Gesture is a typical component of spoken languages. More elaborate systems of manual communication have developed in places or situations where speech is not practical or permitted, such as cloistered religious communities, scuba diving, television recording studios, loud workplaces, stock exchanges, baseball, hunting (by groups such as the Kalahari bushmen), or in the game Charades. In Rugby Union the Referee uses a limited but defined set of signs to communicate his/her decisions to the spectators. Recently, there has been a movement to teach and encourage the use of sign language with toddlers before they learn to talk, because such young children can communicate effectively with signed languages well before they are physically capable of speech. This is typically referred to as Baby Sign. There is also movement to use signed languages more with non-deaf and non-hard-of-hearing children with other causes of speech impairment or delay, for the obvious benefit of effective communication without needless dependence on speech.

Jehovah's Witnesses Convention in Chilean Sign Language.

On occasion, where the prevalence of deaf people is high enough, a deaf sign language has been taken up by an entire local community. Famous examples of this include Martha's Vineyard Sign Language in the USA, Kata Kolok in a village in Bali, Adamorobe Sign Language in Ghana and Yucatec Maya sign language in Mexico. In such communities deaf people are not socially disadvantaged.

Many Australian Aboriginal sign languages arose in a context of extensive speech taboos, such as during mourning and initiation rites. They are or were especially highly developed among the Warlpiri, Warumungu, Dieri, Kaytetye, Arrernte, Warlmanpa, and are based on their respective spoken languages.

A pidgin sign language arose among tribes of American Indians in the Great Plains region of North America (see Plains Indian Sign Language). It was used to communicate among tribes with different spoken languages. There are especially users today among the Crow, Cheyenne, and Arapaho. Unlike other sign languages developed by hearing people, it shares the spatial grammar of deaf sign languages.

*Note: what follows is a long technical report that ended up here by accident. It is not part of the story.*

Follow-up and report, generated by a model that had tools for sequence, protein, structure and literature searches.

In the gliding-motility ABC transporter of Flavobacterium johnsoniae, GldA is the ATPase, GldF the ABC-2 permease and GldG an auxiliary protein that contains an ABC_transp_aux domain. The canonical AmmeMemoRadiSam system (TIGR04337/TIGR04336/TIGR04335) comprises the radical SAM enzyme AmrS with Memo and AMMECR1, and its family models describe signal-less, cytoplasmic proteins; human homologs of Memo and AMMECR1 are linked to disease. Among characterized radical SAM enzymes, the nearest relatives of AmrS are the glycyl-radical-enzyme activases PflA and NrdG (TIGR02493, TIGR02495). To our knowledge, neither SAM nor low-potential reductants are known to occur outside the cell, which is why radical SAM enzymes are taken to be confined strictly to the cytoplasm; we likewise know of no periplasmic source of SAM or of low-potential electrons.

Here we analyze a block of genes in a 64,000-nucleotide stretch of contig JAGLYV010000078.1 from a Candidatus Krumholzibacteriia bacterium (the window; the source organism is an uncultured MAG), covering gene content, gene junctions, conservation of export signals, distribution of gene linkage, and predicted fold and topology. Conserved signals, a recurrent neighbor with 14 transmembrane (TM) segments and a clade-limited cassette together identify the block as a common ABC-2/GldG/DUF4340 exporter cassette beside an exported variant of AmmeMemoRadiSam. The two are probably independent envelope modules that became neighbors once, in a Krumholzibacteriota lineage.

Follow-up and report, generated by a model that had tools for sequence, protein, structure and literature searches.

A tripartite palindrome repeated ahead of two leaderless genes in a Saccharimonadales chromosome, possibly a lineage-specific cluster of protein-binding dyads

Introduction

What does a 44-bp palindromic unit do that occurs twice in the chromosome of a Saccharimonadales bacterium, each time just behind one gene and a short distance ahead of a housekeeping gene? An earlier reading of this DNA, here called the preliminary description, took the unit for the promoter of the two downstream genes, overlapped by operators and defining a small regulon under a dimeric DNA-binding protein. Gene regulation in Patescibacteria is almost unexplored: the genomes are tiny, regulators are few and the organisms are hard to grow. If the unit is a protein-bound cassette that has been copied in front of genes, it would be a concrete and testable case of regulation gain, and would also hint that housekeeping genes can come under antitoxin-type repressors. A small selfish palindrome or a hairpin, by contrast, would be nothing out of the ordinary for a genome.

Home sign

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Main article: Home sign

Sign systems are sometimes developed within a single family. For instance, when hearing parents with no sign language skills have a deaf child, an informal system of signs will naturally develop, unless repressed by the parents. The term for these mini-languages is home sign (sometimes homesign or kitchen sign).

Home sign arises due to the absence of any other way to communicate. Within the span of a single lifetime and without the support or feedback of a community, the child is forced to invent signals to facilitate the meeting of his or her communication needs. Although this kind of system is grossly inadequate for the intellectual development of a child and it comes nowhere near meeting the standards linguists use to describe a complete language, it is a common occurrence. No type of Home Sign is recognized as an official language.

Classification of sign languages

See also: List of sign languages

Although deaf sign languages have emerged naturally in deaf communities alongside or among spoken languages, they are unrelated to spoken languages and have different grammatical structures at their core. A group of sign "languages" known as manually coded languages are more properly understood as signed modes of spoken languages, and therefore belong to the language families of their respective spoken languages. There are, for example, several such signed encodings of English.

There has been very little historical linguistic research on sign languages, and few attempts to determine genetic relationships between sign languages, other than simple comparison of lexical data and some discussion about whether certain sign languages are dialects of a language or languages of a family. Languages may be spread through migration, through the establishment of deaf schools (often by foreign-trained educators), or due to political domination.

Language contact is common, making clear family classifications difficult — it is often unclear whether lexical similarity is due to borrowing or a common parent language. Contact occurs between sign languages, between signed and spoken languages (Contact Sign), and between sign languages and gestural systems used by the broader community. One author has speculated that Adamorobe Sign Language may be related to the "gestural trade jargon used in the markets throughout West Africa", in vocabulary and areal features including prosody and phonetics. You may want to go to websites on the Internet such as or others for grammar and online Sign Language Dictionaries.

Written forms of sign languages

Sign language differs from oral language in its relation to writing. The phonemic systems of oral languages are primarily sequential: that is, the majority of phonemes are produced in a sequence one after another, although many languages also have non-sequential aspects such as tone. As a consequence, traditional phonemic writing systems are also sequential, with at best diacritics for non-sequential aspects such as stress and tone.